Alfred Uhry is taking a break from a rehearsal of his new play, “Apples and Oranges,” and he is telling a story about his mother. His avuncular voice shifts to hers: “Just think, Alfred,” he drawls sweetly, evoking a moment in 1989 when he’d taken her to the movie set of “Driving Miss Daisy,” “you’re responsible for all these trucks.”
She was right — the production of the Bruce Beresford-directed adaptation of Uhry’s 1987 play had overrun part of the blossoming Atlanta neighborhood where the story, about the decades-long friendship between a Jewish matron and her black chauffeur, takes place. It’s also where Uhry’s parents raised him and his sister from the 1930s through the early ’50s; “Daisy” was based on the friendship between Uhry’s grandmother and her driver.
That Uhry’s mother lived to see his success — the film won four Academy Awards including one for Uhry’s screenplay — pleases him. At least in part that’s because he thinks he was, to his parents, “an enigma” — a Southern teenager who was enamored of Rodgers and Hammerstein and was a terrible athlete (“All the things that I liked go with gay, but I wasn’t gay”). He was a Jewish boy who, when he headed off to college at Brown, in 1954, says he didn’t know the difference between lox and bagels. (“There are Southern Jews that are very good Jews,” Uhry hastens to add. “Just not mine.”)
“Driving Miss Daisy,” Uhry says, “changed everything” for him; he spent lucrative years afterward writing for the movies and, at 75, remains busy with multiple projects. He is one of only a small number of writers who has won an Oscar, a Tony (two, actually) and a Pulitzer Prize. Now the playwright is headed back to his hometown with a world premiere of a new play, which shares elements with that first smash success.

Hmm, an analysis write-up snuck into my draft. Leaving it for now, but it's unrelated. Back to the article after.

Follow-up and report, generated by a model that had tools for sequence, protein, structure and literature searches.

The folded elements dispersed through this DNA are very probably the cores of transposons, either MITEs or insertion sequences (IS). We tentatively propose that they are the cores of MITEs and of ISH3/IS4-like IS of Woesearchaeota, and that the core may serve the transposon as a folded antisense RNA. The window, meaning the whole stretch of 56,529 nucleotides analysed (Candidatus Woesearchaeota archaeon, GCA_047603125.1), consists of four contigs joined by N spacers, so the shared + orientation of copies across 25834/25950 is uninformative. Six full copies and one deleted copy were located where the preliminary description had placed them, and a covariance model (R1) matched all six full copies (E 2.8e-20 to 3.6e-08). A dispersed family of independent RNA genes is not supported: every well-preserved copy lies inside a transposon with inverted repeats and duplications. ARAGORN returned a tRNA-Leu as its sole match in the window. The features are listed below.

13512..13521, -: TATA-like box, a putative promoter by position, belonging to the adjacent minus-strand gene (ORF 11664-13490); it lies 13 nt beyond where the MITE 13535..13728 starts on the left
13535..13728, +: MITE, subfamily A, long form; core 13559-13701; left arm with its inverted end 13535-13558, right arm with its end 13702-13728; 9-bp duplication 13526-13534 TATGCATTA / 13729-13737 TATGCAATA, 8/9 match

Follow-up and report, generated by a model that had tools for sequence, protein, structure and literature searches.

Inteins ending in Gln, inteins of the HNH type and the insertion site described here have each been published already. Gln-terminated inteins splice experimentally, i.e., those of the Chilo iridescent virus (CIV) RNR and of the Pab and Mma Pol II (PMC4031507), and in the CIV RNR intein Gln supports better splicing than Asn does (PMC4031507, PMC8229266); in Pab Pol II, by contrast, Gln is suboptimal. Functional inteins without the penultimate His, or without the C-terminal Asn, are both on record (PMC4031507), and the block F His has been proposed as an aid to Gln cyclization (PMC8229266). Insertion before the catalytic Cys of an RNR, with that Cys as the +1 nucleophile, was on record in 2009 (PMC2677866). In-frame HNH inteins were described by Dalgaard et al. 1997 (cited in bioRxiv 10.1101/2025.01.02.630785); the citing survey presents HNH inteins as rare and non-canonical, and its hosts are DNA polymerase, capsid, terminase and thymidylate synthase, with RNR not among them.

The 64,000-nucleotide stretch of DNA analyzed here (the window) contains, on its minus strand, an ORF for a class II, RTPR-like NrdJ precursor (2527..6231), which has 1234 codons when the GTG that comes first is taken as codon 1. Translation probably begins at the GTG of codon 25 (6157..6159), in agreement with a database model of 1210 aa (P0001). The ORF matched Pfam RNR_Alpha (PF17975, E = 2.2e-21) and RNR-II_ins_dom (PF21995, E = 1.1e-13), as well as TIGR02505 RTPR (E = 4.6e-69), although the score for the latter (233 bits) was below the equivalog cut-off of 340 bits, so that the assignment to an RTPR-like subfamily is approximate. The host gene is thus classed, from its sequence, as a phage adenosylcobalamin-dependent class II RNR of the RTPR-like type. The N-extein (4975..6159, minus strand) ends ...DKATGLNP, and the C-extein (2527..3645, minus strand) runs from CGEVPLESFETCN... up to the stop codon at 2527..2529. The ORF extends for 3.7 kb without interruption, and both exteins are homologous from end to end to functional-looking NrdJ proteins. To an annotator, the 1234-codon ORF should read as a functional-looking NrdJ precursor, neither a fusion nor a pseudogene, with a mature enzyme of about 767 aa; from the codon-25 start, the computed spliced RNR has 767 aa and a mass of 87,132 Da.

The new play’s source material does not come from Uhry’s own life; it is adapted from Marie Brenner’s 2008 memoir, “Apples and Oranges: My Brother and Me, Lost and Found,” which centers on the fractious, volatile relationship between the author and her brother, Carl. The play offers an exploration of a complex relationship that affords an examination of familiar Uhry themes; here it’s Marie and Carl delving into their contentious past and present as they confront issues of life and death, along with ones surrounding Southern Judaism, family — and apple farming. The new play is, finally, about strong characters’ senses of self within worlds in which they don’t perfectly fit. The Brenners were raised in San Antonio, Texas, as secular Jews, but had each departed for an opposite coast for adulthood: Marie to become a successful, left-leaning East Coast investigative reporter; her archconservative brother to become a he-man farmer in Washington state apple country.
The book, with an extensive cast, international locations and great attention to apples, might not seem an obvious candidate for dramatic treatment, but Lynne Meadow, the artistic director of the Manhattan Theatre Club, called Uhry and asked him if he would consider it. Uhry saw possibilities, and what interested him in particular, he says, was that the memoir was about a sibling relationship that he happened to share: a single brother and a single sister. Same-sex siblings, Uhry posits, can share experiences differently than can opposite-sex pairs. With a brother and a sister, he suggests, “there’s not exactly the same way to relate. And you are, perforce, put on different paths.” He says he had never seen this dynamic explored in the theater, and “Apples and Oranges” provided the opportunity.